We want to ensure that we’re defining our terms adequately and enabling organizations, agencies and the public to align on what kind of scale implementations we’re talking about.  
 


Centralized

Projects that are located on large parcels in key locations in the county, which have an average annual capture potential of more than 100 acre-feet per year per project and manage stormwater concentrations which are often downstream from the point of runoff generation. Dams, spreading grounds, treatment plants, and areas specifically protected for resource conservation such as the mountains of the upper watersheds, floodplains, and large coastal wetlands.


Neighborhood (regional):

Projects that are located on or impact either large or multiple parcels, which have an average annual capture potential of less than 100 acre-feet per project. Often these are located on public rights-of-way, which may include parks, streets, greenways, schools, and other significant public infrastructure.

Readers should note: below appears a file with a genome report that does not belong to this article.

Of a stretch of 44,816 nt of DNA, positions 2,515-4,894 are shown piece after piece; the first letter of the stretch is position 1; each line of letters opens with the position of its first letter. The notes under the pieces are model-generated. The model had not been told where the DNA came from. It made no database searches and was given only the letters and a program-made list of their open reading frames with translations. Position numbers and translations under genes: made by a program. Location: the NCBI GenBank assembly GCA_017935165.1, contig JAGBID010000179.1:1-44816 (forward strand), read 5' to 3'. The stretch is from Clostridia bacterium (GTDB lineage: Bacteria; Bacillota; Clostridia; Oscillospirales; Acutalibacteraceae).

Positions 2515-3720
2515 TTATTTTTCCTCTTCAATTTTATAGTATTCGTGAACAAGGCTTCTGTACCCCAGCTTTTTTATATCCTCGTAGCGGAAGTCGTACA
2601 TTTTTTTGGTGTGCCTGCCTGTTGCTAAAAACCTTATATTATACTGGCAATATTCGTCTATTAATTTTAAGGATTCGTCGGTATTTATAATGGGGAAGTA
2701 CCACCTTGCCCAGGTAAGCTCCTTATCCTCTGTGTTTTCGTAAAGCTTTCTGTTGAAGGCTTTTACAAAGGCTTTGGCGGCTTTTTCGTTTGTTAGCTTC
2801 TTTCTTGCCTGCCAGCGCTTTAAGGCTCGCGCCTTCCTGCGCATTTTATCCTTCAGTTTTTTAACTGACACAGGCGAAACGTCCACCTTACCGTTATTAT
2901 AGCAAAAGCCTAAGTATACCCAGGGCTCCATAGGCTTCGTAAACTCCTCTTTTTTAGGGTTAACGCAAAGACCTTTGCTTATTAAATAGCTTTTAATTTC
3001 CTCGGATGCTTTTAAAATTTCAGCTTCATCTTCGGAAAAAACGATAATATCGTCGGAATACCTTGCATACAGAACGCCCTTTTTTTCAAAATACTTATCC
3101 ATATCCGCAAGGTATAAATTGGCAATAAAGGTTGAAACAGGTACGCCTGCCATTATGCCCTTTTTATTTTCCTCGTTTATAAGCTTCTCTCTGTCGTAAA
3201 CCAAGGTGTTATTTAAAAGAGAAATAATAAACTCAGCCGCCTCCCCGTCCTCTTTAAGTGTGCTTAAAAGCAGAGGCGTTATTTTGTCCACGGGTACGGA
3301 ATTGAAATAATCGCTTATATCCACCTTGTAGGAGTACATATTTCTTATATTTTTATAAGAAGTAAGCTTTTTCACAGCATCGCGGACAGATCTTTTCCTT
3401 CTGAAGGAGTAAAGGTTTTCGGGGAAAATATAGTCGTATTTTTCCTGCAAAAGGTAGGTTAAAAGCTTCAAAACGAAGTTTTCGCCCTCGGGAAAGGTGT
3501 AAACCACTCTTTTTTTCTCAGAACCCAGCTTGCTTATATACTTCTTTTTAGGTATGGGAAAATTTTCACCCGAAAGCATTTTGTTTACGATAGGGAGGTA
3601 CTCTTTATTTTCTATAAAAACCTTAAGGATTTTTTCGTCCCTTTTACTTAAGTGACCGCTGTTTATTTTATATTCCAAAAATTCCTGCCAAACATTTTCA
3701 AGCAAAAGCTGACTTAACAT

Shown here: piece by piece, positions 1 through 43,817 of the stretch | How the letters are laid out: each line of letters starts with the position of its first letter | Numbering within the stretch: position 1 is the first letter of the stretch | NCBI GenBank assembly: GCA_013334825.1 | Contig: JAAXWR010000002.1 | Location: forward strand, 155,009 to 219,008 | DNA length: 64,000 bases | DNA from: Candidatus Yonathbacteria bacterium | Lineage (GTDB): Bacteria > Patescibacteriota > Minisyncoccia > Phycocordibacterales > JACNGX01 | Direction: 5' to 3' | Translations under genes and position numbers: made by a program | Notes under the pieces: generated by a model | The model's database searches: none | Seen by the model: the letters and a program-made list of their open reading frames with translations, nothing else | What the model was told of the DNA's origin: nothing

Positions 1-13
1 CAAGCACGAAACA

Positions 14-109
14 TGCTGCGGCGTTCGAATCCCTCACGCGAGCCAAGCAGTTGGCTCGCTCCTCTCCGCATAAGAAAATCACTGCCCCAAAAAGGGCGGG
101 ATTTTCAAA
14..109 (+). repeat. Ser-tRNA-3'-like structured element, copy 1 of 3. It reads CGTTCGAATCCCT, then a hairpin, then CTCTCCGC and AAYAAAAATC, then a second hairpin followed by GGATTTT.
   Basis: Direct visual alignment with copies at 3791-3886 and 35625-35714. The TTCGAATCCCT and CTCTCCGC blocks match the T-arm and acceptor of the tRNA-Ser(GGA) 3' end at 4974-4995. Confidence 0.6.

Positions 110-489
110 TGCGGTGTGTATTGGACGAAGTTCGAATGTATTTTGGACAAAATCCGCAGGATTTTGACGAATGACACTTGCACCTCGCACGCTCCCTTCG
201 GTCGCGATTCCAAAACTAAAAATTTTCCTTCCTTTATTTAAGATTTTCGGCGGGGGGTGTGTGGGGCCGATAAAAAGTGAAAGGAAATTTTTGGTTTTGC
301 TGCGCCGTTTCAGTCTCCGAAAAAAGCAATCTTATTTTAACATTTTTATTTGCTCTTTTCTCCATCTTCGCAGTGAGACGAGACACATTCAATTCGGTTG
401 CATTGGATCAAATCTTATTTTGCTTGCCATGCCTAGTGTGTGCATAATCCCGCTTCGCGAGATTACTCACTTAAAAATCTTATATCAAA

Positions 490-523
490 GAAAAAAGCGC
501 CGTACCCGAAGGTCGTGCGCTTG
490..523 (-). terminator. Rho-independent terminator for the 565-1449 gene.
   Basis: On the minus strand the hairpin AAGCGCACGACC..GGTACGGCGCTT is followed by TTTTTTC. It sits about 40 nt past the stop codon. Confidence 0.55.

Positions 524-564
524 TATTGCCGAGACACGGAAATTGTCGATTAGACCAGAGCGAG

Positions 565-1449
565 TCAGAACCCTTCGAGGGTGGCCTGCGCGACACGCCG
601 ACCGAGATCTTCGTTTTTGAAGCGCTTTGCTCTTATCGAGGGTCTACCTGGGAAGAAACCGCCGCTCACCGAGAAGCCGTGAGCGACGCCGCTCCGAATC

Distributed (parcel-scale):

Projects that are simple and replicable enough that they can be spread widely and abundantly. These are public and private landscape-based projects that property owners can reasonably make and manage. Micro interventions such as rain gardens and swales, parkway basins, mulching, soil health building, vegetation and tree planting, permeable paving, infiltration trenches, and rain tanks may be included as parts of larger projects, or as stand-alone improvements.


Nature-based solutions:

Natural systems are inherently regenerative. Natural forces such as chemical reactions and gravity move mountains, beaches, rivers, oceans, and sky. Living organisms do a lot of work in the processes of growing and sustaining life: cycling water, air, and nutrients including carbon and volatile compounds; opening up soil; and creating materials that nourish, shade, cleanse, and enrich the world around us.

When space is made to leverage these forces and support life, work is constantly ongoing that humans otherwise need to input time and resources to do: producing and manufacturing materials and components; conveying water by pipes, pumps, gutters, and channels; transferring sediment and debris; and fabricating and installing increasingly sophisticated components out of expensive, labor-intensive materials and methods requiring ongoing operations and maintenance over time.

All of this extra work generates waste, greenhouse gasses, and impacts the capacity of natural systems